We had a class this week with the brilliant and obscenely handsome Graham Fink. I won’t harp on that second fact, but he looks like a brooding version of Stephen Malkmus, frontman of the iconic 90s indie rock band Pavement. In the scarce moments of focus between being distracted by his statuesque jawline and piercing blue eyes, I absorbed one nugget of information that got me thinking. One of the points of advice he gave us was to stand out. In order to get attention, we have to be different and make different work than what is currently being made. At my tender age of 28, I have more clarity on this—I know that the reason I’m here at the SCA is because I’m a weird little fucker—but the idea of being different was something that lingered over me as I grew up. 

When I was younger, up until my late teens, I desperately wanted to fit in. Not even just to fit in, but I wanted to be a social butterfly. I wanted to be the type that classmates revere, someone who naturally commands a room (not sure if this reference resonates here, but think TJ Detweiler from Disney’s Recess). The thing is I was still a weird and even littler fucker. 

A big tradition in my primary school was the grade 6 graduation dance. It was the first time in which kids expressed a modicum of romantic interest. There was so much build-up to the event that kids would start preparing a year early. I had a solid group of four friends, and they all had their prepubescent relationships (at that age all it took was exchanging three words with each other once a year). I felt the pressure to be cool like them, so I set my sights on a girl I had literally never said a word to. I asked her to the dance BY EMAIL. After that I still never said a word to her, until one recess my friends dared me to hug her and because of the peer pressure, I walked up to her while she was talking to friends and with her back facing me I wrapped my arms around her before running off at a world record pace. At one point later that year I sent her another email that just said “I LOVE YOU” and pretended that someone had sent it from my account. This is not normal behaviour. We ended up sitting at the same group of desks the next year and actually became friends, but still not a word about the romance. We never shared that dance, which is good because I probably would’ve done more insane shit.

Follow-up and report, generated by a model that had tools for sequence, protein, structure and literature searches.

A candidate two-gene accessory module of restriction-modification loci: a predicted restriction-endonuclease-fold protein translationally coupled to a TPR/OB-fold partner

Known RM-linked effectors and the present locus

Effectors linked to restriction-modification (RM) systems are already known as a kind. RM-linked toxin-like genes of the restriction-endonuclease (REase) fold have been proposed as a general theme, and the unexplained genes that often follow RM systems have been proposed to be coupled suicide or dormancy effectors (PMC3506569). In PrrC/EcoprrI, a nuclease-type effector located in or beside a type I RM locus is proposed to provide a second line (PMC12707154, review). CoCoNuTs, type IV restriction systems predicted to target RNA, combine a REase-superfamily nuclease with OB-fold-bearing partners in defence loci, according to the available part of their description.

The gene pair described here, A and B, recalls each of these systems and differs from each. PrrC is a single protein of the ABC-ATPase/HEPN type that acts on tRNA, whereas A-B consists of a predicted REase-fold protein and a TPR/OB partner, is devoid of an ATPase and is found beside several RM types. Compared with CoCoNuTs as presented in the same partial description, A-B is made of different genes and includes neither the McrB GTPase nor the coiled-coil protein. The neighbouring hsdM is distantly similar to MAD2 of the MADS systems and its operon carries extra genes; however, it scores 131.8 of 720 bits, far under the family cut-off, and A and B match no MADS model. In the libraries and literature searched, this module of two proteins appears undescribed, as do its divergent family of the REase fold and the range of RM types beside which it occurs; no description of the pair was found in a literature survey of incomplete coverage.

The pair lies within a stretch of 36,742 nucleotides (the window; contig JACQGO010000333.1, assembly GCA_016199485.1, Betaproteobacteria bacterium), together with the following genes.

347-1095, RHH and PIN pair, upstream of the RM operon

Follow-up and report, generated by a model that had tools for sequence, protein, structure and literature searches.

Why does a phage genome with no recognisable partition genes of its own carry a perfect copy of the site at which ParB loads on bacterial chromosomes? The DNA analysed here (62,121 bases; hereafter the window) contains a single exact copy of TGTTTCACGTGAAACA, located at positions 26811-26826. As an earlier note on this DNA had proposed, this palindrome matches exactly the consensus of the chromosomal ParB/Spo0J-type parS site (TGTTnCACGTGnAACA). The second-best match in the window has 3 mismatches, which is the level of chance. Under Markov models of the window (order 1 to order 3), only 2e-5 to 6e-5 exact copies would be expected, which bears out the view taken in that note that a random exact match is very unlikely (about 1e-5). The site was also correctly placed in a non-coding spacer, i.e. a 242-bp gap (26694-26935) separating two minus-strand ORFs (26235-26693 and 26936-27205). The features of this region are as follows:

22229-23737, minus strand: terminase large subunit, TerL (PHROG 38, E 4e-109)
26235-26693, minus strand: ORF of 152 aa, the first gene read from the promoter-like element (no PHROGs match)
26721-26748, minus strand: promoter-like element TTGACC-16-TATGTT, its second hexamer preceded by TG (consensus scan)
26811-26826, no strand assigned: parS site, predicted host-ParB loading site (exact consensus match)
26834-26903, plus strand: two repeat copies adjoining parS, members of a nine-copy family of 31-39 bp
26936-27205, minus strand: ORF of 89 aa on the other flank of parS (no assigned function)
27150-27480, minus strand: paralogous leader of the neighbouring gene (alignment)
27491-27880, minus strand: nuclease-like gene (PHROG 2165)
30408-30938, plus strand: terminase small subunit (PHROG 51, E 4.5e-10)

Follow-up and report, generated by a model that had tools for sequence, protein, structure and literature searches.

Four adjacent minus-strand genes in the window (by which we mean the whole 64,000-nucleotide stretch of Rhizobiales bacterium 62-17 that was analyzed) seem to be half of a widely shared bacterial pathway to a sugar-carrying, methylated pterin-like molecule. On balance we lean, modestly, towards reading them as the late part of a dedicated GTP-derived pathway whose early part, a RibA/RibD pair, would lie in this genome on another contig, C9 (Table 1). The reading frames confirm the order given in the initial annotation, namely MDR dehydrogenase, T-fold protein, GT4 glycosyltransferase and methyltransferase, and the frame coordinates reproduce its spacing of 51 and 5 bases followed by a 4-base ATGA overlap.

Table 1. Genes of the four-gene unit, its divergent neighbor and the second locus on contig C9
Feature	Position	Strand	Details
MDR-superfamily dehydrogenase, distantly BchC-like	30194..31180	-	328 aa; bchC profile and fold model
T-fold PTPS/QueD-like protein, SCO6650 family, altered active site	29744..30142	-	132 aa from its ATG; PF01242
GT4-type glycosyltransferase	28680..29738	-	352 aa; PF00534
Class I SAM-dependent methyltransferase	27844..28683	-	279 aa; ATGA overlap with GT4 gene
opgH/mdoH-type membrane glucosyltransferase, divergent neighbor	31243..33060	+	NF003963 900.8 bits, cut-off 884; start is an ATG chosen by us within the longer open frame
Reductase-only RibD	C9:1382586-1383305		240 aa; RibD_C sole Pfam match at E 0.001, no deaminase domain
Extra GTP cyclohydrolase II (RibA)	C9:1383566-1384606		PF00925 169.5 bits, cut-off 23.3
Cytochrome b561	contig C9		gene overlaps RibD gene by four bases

That’s a pretty absurd story, and being as young as I was didn’t help, but there was more than a fair share of awkwardness throughout junior high and high school. I spent a year and a half trying to hang out with the rebellious kids who I thought were the cool ones, before settling in with the nerdy kids in the gifted program who I should’ve hung out with all along and who are still my best friends to this day. I started to embrace my weird fuckerness.

I wish I had a Graham Fink when I was younger. That tension between wanting to be normal while being a weird fucker gave me a lot of unnecessary anxiety in my life. Some people think it’s normal for kids to want to fit in, but I disagree. I look at the state of advertising currently and it’s practically all normal shit. We’re conditioned to pursue normalcy. I hope that me and all the other weird little fuckers at the SCA are able to break that mould and be that difference.


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